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July 17, 2019

Shanghai Newspaper Accuses American NGOs of Supporting Hong Kong Protests

Xinmin Evening News, a Shanghai metro paper put out by the Chinese Communist Party Shanghai Municipal Committee, published an article on July 13 asserting that American NGOs plotted recent demonstrations in Hong Kong against a controversial extradition bill. The article, entitled “Cultivating ‘Hong Kong Independence’ Elements and Masterminding Anti-China Incidents . . . [We] Strip Away the ‘Painted Skin’ of These American NGOs,” names the National Endowment for Democracy (NED) and the Open Society Foundations (OSF) in particular as helping organize the demonstrations from behind the scenes. (“Painted skin” is a metaphorical Chinese expression describing an attractive appearance that masks an evil face and cruel nature.) Its publication comes weeks after large protests began rattling the territory. Hong Kong authorities have labeled the demonstrators as rioters.

The Xinmin article warns that “although U.S. NGOs are ostensibly not government organizations, in reality they cannot cut off ties with the U.S. government, businesses, or the religious community,” and that China can neither “lower its guard against American NGOs, nor treat them purely as dangerous sourges. Management in accordance with the law is the key to letting in American NGOs that have a genuine desire to help China and not those that just want to cause chaos.” Citing Chinese government reports, Xinmin states that over 1,000 American NGOs have operated in mainland China since 1978, providing a total of 20 billion yuan (U.S.$2.9 billion) in funding. Noting that 82 percent of this funding has flowed into higher education institutions, research institutions, and government agencies—rather than civil society organizations—the article implies that foreign NGOs could even be infiltrating the government system itself.

The Xinmin news story focuses primarily on the NED. It accuses the NED of playing a role in Hong Kong protesters’ occupation of the territory’s Legislative Council on July 1, which it refers to as a “chaotic and damaging incident” planned and conducted by the opposition coalition in Hong Kong, “Hong Kong Independence” elements, and Western anti-China forces. The article claims that NED has supported every major protest in Hong Kong since 2003, and works to “cultivate backbone ‘Hong Kong Independence’” supporters, such as Joshua Wong. “The NED has become the biggest black hand affecting Hong Kong’s stability, causing far more harm than the ‘Hong Kong independence’ elements [visible] at the front of the stage.” The article further asserted that the NED’s activities in Hong Kong are mainly carried out by the National Democratic Institute and the American Center for International Labor Solidarity. According to the article, these organizations are two long-term funding sources for the Hong Kong Democratic Party as well as for non-profits such as SynergyNet and Hong Kong Human Rights Monitor.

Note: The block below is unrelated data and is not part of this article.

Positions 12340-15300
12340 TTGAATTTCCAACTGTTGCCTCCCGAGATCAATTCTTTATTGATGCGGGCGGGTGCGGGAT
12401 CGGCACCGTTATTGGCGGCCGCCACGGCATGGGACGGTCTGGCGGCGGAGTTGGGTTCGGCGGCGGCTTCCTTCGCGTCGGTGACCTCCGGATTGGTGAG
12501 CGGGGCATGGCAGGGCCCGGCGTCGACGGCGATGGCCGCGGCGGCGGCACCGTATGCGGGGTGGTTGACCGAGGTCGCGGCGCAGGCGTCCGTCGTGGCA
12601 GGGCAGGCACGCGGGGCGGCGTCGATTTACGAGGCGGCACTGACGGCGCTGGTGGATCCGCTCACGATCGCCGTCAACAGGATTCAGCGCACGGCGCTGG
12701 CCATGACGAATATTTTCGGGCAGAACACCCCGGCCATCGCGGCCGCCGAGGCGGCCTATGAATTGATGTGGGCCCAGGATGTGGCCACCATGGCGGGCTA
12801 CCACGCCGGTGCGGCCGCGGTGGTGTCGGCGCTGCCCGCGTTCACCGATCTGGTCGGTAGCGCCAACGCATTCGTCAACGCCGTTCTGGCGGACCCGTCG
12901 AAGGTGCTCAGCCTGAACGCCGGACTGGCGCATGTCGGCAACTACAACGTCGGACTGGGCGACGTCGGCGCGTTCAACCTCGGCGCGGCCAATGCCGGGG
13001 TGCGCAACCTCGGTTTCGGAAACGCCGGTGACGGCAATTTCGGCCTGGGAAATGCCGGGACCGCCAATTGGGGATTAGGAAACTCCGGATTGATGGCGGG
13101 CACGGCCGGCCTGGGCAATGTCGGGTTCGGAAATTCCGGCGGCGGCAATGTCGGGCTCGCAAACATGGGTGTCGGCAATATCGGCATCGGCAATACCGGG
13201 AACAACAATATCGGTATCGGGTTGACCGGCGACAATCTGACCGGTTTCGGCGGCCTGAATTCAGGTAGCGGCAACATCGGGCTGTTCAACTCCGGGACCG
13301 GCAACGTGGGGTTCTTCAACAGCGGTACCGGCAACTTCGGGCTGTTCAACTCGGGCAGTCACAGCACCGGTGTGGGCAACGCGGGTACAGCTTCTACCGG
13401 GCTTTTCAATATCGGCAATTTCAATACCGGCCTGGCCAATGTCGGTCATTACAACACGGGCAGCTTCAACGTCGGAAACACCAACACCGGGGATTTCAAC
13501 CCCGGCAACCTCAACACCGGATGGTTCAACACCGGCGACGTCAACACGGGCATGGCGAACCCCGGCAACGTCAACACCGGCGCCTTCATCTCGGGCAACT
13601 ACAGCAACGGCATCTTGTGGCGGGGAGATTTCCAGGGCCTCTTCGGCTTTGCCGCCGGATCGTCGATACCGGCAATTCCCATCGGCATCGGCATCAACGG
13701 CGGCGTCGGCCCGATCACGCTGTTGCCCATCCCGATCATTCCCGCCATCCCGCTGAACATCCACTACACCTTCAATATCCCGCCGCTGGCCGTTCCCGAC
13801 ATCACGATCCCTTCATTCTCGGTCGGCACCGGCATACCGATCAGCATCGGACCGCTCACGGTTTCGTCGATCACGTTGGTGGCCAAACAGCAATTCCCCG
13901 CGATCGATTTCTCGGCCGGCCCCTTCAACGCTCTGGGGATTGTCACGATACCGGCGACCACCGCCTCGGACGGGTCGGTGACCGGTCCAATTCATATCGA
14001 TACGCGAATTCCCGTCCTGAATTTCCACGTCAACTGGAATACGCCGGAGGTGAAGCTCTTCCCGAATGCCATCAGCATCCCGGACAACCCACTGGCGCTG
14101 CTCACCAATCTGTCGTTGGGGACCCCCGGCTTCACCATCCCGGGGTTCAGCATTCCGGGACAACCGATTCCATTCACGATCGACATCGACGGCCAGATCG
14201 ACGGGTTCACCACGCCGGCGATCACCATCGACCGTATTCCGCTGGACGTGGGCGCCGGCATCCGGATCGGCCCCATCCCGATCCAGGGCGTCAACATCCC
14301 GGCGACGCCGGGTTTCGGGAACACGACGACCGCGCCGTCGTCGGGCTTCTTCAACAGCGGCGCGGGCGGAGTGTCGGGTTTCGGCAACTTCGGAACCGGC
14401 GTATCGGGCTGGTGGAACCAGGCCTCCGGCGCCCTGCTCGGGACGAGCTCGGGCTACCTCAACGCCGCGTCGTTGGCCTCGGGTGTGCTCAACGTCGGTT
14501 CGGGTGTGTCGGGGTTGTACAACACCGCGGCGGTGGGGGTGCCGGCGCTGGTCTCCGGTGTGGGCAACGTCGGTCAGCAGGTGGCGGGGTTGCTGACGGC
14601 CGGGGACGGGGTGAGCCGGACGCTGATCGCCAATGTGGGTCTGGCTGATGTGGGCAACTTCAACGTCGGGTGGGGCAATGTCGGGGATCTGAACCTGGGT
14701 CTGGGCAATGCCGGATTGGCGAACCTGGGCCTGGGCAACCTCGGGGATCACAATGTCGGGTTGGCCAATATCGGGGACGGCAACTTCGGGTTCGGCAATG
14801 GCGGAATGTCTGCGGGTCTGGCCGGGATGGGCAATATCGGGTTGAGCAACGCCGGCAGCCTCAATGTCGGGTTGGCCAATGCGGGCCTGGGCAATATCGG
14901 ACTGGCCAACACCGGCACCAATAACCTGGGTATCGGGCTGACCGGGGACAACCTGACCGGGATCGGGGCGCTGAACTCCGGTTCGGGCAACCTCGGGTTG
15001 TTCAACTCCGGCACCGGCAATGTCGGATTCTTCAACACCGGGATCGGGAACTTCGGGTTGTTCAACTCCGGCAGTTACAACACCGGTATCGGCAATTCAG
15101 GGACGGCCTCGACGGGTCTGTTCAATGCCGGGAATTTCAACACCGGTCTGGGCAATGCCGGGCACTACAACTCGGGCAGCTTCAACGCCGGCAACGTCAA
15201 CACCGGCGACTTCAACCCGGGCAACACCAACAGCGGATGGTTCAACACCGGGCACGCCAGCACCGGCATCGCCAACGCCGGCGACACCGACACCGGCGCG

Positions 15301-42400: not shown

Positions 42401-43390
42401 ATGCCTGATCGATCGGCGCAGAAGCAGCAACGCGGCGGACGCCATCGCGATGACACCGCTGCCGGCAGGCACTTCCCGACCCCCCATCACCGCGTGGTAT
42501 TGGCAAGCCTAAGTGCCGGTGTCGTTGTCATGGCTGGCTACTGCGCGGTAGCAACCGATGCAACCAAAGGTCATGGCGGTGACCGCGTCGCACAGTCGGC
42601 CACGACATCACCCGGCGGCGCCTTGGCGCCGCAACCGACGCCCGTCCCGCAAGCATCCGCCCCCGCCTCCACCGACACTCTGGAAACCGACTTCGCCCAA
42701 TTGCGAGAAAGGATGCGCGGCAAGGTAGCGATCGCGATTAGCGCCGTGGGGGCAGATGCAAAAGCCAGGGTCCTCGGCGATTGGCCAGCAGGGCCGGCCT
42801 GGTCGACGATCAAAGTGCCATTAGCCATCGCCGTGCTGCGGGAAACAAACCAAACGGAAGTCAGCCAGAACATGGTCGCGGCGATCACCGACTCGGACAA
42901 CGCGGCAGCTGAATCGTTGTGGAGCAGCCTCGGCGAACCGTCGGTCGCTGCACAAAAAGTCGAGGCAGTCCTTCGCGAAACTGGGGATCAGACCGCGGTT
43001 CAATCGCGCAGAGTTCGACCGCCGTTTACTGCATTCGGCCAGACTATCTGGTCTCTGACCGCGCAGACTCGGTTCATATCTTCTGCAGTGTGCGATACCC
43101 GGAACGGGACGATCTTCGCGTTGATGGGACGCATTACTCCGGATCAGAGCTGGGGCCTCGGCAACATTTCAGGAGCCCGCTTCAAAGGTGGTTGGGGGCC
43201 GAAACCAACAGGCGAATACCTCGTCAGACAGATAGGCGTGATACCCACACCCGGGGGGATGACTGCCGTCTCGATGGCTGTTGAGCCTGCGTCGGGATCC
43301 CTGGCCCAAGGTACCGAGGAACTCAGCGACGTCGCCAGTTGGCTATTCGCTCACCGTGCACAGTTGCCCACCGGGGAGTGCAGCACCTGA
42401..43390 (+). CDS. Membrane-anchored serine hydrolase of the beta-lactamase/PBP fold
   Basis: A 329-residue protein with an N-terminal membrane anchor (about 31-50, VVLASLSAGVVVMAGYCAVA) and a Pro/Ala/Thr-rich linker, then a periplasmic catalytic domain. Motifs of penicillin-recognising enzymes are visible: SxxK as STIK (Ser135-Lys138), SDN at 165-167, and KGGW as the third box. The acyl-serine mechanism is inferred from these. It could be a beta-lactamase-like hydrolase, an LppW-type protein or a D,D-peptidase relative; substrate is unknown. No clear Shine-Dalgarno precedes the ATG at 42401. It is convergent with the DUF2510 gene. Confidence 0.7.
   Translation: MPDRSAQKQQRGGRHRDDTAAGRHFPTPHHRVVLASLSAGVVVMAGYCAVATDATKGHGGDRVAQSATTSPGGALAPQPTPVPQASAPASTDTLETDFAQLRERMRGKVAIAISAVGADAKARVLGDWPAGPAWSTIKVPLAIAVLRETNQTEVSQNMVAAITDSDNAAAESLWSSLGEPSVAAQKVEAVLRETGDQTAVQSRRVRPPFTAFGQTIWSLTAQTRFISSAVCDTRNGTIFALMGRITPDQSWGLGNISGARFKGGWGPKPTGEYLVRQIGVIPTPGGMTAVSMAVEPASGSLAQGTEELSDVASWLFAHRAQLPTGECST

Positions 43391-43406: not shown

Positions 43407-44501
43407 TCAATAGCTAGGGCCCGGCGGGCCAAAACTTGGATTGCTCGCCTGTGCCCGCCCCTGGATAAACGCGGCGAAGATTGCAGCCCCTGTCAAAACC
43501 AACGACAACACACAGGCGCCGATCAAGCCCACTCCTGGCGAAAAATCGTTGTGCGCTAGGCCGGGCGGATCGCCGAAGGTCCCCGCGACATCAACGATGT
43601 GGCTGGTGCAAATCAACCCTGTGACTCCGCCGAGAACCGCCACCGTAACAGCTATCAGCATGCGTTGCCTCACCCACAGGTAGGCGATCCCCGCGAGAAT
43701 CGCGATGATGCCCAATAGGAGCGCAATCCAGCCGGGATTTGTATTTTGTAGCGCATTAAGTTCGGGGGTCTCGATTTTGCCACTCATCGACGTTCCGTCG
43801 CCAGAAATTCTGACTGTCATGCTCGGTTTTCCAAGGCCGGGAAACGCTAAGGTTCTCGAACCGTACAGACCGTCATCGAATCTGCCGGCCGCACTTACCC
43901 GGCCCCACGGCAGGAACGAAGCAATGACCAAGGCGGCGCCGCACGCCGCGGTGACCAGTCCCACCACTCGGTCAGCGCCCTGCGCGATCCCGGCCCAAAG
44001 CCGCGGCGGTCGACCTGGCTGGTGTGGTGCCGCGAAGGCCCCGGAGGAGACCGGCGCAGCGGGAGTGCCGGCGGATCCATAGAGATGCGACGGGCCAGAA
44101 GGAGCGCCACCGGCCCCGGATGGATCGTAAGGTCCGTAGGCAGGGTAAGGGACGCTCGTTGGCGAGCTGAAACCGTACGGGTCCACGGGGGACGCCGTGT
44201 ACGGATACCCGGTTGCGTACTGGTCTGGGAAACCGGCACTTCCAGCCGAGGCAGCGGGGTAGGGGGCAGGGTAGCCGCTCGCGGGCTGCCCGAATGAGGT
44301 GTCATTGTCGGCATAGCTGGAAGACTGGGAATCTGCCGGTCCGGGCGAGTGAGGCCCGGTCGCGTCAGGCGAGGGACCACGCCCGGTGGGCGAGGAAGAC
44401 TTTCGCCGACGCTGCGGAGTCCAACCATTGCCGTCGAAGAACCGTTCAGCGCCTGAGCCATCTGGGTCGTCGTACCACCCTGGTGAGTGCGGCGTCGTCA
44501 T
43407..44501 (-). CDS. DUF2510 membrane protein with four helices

The article went on to describe how the NED purportedly infiltrates China, facilitating long-term ideological transformation, by funding activities in China carried out by Chinese companies, academic institutions, the media, and other NGOs. But because the activities are carried out through private channels and operated under the guise of the market, they are “highly concealed,” the article says. “[The NED] frequently supports ‘democratic movements,’ ‘Tibet independence,’ ‘Xinjiang independence,’ and other forces in and outside China, directly interfering in China’s internal affairs.” Specifically, the article states that the NED was behind the 2008 Tibetan unrest and the 2009 riots in Urumqi, Xinjiang, two of the largest incidents of violence and ethnic clashes in China in recent years.

Citing Russian media, the article suggests that the NED has close ties with the CIA, even likening it to a “second CIA in the U.S.” “On the surface,” the article reads, “the NED is one of the two million non-governmental organizations in the United States, but senior officials of the foundation have government backgrounds or are inextricably linked to the U.S. government.” The article argues that because the NED provides funds annually to NGOs in Asia, Central and Eastern Europe, Latin America, the Middle East, Africa, and the countries of the former Soviet Union, the organization “conducts subvert activities or promotes ‘color revolutions’ in countries with which the U.S. doesn’t see eye to eye."

The Xinmin article also discussed the Open Society Foundations, a New York-based non-profit organization founded and chaired by the Hungarian-American investor George Soros. The article claims that OSF routinely exports Western ideology and values through supposedly non-political activities and played a role in “color revolutions” that occurred in Eastern European countries in recent decades. OSF, according to Xinmin, has been actively funding activities in Hong Kong in recent years and, like the NED, is focused on infiltrating the region’s universities.

Neither the NED nor the OSF has a formal presence in mainland China, through either a representative office or filed for temporary activities. Notably, the Foreign NGO Law, which regulates foreign NGO activity in mainland China, does not apply to Hong Kong; NGOs incorporated in Hong Kong must themselves go through the mechanisms provided in the Foreign NGO Law to work as a “foreign NGO” in the mainland.

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